As the story progresses, he learns lessons and adopts qualities that are relevant not only to wilderness survival, but also to life as a whole.


Today, we will take a look at what we know about the Brian in the beginning of the book - before the plane crash in the Canadian Wilderness.  We will also examine how his character is changing, both mentally and physically.

Using your book, take a look at how the author develops Brian's character and how he has changed during his experiences in the wilderness so far. 


Ask yourself these questions when trying to understand characterization:

What does the character look like?
How does the character behave towards others? How do others behave toward the character?
What does the character seem to care about?
What adjectives does the author use to describe the character's personality?
What does the character think or say?


What character traits does Brian have?

List of Character Traits


Now that you've taken a closer look at Brian's character, what do you think his Facebook page would look like?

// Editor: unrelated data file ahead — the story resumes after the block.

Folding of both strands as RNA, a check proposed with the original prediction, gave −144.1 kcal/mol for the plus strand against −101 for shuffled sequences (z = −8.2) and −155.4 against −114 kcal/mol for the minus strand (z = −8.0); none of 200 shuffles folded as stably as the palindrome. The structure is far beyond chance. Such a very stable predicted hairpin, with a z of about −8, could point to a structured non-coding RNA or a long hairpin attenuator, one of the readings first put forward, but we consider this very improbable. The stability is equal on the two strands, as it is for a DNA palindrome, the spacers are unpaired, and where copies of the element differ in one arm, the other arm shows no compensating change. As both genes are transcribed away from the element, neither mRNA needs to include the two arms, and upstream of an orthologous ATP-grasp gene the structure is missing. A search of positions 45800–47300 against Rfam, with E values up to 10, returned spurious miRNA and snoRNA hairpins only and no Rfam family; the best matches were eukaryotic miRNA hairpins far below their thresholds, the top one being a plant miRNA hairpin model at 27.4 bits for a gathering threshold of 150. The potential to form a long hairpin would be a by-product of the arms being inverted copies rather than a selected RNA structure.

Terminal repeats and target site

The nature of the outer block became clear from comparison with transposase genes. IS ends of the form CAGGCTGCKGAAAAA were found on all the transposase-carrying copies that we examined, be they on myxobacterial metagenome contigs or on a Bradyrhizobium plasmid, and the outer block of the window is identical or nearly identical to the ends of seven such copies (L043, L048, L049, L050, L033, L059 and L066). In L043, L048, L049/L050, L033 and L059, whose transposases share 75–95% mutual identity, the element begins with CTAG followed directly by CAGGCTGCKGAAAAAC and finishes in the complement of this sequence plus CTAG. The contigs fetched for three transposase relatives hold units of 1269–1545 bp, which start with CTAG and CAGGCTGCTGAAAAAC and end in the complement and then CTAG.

How might his Facebook posts and photos change as Brian changes in the book?  What other parts of his Facebook might reflect the change he is experiencing?



Today, you will create a Facebook page for Brian.

When you are finished, save it to your "Hatchet" folder in your H-drive and on your desktop.

Here is the template you will use.

Facebook Template

  Simply edit the sample information and fill it in with your information about Brian.


At least 3 status updates

At least 3 friends' responses to his status posts

5 pictures that show his experiences in the wilderness.


Use the following websites to find pictures for your Facebook page.











One technique we use to become better readers and writers is using imagery/visualization.